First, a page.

Alaska Cruises Cancelled as Canadian Government Extends Cruise Ship Ban
Cruise vessels carrying more than 100 people are prohibited from operating in Canadian waters until February 2022
All Alaska cruises are likely to be cancelled until February 2022 following the Canadian Government’s year-long extension of its cruise ship ban.
Under the new ruling large foreign-flagged ships will be blocked from entering Canadian waters, putting both the 2021 Alaska cruise season and cruise itineraries that include New England in Canada in jeopardy.
The United States’ Passenger Vessel Services Act requires foreign cruise ships to call by at least one foreign port on any US itinerary.
If foreign-flagged ships are banned from calling at ports in Canada, they will be unable to run cruises to Alaska under this mandate.
Canada’s new order also prohibits passenger vessels and pleasure crafts carrying more than 12 people from entering Arctic coastal waters.
The Canadian government had introduced a temporary ban on large cruise ships in March 2020, which was due to expire on 28 February 2021.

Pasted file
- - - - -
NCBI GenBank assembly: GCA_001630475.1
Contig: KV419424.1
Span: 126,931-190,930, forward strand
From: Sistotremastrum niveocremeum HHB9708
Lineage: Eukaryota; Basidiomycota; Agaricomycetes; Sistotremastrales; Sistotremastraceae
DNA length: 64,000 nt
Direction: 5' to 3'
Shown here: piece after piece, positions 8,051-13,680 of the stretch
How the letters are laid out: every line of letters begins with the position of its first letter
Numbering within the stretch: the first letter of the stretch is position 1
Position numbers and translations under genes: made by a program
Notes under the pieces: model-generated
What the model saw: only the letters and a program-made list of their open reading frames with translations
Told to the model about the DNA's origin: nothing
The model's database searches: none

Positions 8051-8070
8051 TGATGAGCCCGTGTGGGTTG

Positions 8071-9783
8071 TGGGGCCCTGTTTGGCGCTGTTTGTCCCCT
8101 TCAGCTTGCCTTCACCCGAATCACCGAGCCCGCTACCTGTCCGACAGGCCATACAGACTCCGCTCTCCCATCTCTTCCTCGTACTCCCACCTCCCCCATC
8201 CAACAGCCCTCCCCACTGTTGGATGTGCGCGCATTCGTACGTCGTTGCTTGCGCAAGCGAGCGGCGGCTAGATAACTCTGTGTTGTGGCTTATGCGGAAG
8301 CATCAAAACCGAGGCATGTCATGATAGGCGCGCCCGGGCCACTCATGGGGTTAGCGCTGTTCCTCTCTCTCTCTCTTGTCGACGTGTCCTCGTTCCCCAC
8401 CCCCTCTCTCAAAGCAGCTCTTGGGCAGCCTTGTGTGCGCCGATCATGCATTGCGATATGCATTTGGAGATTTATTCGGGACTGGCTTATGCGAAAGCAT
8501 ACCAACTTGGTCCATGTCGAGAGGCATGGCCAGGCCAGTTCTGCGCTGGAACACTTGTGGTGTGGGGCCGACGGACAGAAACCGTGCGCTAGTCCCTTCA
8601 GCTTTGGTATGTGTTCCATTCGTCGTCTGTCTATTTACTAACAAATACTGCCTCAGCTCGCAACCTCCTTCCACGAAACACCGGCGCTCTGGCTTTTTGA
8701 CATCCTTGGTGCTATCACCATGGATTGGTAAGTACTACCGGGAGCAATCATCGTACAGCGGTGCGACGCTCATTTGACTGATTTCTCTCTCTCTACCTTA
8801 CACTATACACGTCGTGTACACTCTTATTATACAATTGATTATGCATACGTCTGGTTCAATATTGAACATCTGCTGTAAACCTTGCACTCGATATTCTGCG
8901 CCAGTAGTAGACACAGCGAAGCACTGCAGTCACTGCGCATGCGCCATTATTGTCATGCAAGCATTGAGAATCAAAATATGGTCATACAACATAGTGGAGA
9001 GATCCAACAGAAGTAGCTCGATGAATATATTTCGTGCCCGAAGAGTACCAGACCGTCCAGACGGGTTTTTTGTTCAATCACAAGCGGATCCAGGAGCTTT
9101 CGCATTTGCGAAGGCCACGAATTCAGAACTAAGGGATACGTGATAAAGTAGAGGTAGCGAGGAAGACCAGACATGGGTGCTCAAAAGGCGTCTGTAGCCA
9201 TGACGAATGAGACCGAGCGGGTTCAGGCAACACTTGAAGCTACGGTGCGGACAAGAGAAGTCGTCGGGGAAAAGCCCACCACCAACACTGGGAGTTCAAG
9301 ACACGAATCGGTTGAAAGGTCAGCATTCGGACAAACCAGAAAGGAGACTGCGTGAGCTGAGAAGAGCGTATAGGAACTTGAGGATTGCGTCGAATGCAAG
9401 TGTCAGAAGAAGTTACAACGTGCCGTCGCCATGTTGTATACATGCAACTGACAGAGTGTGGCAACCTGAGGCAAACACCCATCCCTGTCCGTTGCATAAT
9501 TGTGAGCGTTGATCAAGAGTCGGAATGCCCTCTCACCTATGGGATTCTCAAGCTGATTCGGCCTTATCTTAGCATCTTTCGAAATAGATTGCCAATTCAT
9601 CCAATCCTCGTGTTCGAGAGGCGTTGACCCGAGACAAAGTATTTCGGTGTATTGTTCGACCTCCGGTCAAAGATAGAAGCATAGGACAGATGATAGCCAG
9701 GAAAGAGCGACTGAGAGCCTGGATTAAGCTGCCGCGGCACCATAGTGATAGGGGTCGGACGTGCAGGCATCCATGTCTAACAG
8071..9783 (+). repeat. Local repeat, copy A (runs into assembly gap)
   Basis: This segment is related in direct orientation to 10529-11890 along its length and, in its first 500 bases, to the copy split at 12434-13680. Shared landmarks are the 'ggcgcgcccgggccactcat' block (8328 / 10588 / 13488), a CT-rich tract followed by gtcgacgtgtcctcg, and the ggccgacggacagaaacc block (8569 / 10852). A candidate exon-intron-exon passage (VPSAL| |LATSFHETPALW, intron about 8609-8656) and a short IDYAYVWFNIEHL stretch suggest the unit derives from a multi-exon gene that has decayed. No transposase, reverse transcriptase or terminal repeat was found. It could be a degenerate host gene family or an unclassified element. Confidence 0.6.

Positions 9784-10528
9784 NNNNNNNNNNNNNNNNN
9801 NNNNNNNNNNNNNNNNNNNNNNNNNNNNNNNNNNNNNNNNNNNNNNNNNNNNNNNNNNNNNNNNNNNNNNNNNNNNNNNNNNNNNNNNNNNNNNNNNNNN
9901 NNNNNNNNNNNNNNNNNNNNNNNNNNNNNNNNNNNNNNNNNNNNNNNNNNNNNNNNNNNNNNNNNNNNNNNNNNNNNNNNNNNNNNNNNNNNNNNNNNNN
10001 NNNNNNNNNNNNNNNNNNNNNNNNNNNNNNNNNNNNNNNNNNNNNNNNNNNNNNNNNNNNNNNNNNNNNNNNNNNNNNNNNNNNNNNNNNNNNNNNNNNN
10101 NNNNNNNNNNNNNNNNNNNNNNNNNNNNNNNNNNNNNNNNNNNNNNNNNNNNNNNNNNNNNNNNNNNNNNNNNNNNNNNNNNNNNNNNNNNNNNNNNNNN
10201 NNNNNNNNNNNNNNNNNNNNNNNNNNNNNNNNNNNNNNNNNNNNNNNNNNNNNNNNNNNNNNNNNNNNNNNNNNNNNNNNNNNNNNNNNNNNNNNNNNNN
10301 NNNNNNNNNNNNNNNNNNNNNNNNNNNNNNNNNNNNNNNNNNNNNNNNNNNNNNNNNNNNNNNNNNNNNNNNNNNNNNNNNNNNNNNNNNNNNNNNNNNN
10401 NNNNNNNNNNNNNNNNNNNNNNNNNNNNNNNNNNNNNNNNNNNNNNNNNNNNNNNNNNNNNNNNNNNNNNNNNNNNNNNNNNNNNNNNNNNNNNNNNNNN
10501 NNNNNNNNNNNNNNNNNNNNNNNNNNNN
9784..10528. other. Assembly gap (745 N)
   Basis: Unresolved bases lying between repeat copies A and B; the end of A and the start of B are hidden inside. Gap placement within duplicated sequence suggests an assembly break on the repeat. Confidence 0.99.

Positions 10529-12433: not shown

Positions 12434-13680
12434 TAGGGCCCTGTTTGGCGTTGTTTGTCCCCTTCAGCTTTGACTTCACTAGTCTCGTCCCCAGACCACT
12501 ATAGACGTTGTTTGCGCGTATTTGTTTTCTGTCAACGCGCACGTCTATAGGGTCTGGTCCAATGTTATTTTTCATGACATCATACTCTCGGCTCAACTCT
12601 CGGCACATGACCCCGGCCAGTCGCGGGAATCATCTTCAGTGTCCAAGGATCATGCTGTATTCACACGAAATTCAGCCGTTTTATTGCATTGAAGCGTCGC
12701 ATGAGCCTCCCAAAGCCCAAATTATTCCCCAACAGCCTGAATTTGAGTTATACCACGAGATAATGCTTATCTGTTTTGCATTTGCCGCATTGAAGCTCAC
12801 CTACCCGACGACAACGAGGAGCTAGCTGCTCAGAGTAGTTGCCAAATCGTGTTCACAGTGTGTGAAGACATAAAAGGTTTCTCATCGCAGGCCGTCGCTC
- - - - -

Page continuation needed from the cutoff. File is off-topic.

However, the country’s transport minister Omar Alghabra announced the government would not be lifting the prohibition on large cruising vessels amid growing concerns over the spread of the Covid-19 virus.
Mr Alghabra called the government’s decision ‘the right and responsible thing to do’ to ensure the safety of Canada’s transport systems.
Chair Charlie Bell of Canada’s arm of CLIA has expressed surprise at the length of the ban’s extension and believes that the timeline should be revisited in line with evolving Covid-19 safety measures.
In 2019 Canada’s cruise industry created 29,000 jobs paying more than £1bn in wages and contributed more than £3bn to the Canadian economy, according to CLIA.
CLIA has expressed concern over the devastating impact the pandemic is having on local businesses and fears the irreversible consequences for Canadian families of an extended cruise ban.
The Canadian Government has said it will keep the ban under evaluation.
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